The Top 5 That Can Keep You Alive
A few powerful pointers that can help you avoid the shock of your life.
From Ben Franklin to Nikola Tesla to George Washington, the discovery and development of electric power has been one of history's most important stories – a great achievement. Today, we heat and cool homes, power the internet and save lives, all through electricity. But when it isn't handled carefully, it can be deadly. Both lightning and the electricity generated from OG&E plants demand that kids and adults stay safe, together.
Big do's and don'ts
Here are a few more powerful pointers that can help you avoid the shock of your life:
- Stay away from downed power lines and anything they are touching – they may appear quiet and harmless but could still be live …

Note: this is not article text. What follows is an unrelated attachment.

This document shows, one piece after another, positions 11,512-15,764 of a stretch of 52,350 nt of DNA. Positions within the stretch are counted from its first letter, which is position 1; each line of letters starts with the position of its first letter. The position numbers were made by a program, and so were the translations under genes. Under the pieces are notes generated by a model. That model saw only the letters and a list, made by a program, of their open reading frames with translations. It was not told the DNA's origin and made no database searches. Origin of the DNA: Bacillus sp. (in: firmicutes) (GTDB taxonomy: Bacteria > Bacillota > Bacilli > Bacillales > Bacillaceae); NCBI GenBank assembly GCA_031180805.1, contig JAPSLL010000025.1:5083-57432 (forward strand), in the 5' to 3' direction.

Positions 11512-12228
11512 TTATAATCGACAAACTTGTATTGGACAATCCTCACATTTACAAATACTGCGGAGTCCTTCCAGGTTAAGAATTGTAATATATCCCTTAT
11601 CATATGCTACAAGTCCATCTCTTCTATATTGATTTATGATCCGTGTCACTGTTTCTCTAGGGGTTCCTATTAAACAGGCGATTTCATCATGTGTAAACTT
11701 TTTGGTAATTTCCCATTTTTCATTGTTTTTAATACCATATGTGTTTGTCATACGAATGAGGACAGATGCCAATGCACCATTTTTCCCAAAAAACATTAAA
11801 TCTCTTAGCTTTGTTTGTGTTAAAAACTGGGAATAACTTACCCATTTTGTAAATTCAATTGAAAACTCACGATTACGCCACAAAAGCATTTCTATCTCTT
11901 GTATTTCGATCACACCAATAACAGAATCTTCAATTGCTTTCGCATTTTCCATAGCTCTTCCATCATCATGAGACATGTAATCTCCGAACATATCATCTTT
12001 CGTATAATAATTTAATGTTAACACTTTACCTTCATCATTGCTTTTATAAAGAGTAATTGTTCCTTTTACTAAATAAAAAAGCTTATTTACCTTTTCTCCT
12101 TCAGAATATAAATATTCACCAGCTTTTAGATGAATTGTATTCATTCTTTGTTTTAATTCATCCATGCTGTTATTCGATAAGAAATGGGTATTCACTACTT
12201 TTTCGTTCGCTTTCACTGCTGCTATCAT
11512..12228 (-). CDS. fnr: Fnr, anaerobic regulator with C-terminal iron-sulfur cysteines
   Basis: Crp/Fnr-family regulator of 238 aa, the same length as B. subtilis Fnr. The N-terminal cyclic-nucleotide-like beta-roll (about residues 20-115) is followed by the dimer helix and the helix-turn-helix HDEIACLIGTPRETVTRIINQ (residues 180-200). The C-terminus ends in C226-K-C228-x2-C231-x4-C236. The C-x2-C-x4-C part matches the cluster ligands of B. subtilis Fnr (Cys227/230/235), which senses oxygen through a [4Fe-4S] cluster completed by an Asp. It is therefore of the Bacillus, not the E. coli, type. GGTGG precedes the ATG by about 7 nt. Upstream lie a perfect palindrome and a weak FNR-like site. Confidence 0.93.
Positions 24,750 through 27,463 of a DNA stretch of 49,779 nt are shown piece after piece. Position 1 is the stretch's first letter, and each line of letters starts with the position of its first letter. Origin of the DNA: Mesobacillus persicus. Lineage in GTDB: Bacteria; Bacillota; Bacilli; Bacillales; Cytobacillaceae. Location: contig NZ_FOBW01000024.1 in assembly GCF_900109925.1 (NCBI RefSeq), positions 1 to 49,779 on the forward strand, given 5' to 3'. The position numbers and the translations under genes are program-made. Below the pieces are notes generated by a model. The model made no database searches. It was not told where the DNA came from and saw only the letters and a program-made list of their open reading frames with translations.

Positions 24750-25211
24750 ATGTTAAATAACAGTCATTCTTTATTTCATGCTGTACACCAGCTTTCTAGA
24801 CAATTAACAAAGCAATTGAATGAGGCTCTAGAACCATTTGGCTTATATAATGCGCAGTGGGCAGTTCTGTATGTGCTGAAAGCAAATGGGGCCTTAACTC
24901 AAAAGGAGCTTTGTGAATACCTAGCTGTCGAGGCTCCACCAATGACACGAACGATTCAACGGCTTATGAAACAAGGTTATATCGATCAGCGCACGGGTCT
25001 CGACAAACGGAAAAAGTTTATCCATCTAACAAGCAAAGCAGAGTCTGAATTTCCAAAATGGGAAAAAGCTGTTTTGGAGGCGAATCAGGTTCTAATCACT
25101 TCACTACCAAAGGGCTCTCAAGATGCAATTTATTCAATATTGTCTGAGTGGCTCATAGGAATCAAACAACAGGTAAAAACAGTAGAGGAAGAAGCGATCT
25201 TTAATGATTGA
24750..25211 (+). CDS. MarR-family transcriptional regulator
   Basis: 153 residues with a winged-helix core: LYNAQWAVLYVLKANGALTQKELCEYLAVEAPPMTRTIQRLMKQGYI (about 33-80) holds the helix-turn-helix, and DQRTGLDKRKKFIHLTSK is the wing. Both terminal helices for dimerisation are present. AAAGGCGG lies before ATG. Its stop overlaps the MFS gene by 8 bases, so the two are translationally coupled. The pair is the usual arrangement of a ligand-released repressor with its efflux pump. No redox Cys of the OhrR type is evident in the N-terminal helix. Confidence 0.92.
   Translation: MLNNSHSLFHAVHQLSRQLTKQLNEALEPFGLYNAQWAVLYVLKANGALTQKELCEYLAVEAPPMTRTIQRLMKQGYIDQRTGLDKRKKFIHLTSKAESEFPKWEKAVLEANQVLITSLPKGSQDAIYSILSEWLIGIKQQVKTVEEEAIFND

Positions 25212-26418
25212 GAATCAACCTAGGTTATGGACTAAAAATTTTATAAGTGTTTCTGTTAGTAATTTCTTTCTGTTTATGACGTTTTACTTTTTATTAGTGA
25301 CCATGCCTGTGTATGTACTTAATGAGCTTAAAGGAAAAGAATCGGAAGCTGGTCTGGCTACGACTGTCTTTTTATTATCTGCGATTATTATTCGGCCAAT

- In fact, it's a good idea just to stay away from power lines altogether, they are bare wires and not insulated. So don't fly a kite near them, don't climb a tree by them, don't … you get the idea.
- Stay away from substations – if your ball goes over the fence, tell your parents (oh, and have 'em call OG&E).
- Also, stay away from transformers – and if the locks are missing or broken, tell your parents immediately (and have 'em call OG&E).
- Don't overload outlets, there's a good reason each one has only two sockets. Try a power strip instead.
- Water and electricity don't mix, many accidents happen when people use electrical items near water. So never turn on an appliance while you're wet or in the bathtub. In fact, in the bathroom, watch out for hairdryers, cell phone chargers, radios … you get the idea.
- We told you to look up before you climb, but look down before you or your parents dig too far, because power lines are located underground, too.
- Never yank an electrical cord from the wall, it can mess up the appliance, the plug and the outlet. And make sure cords are tucked away, so pets can't chew them and you won't take a trip.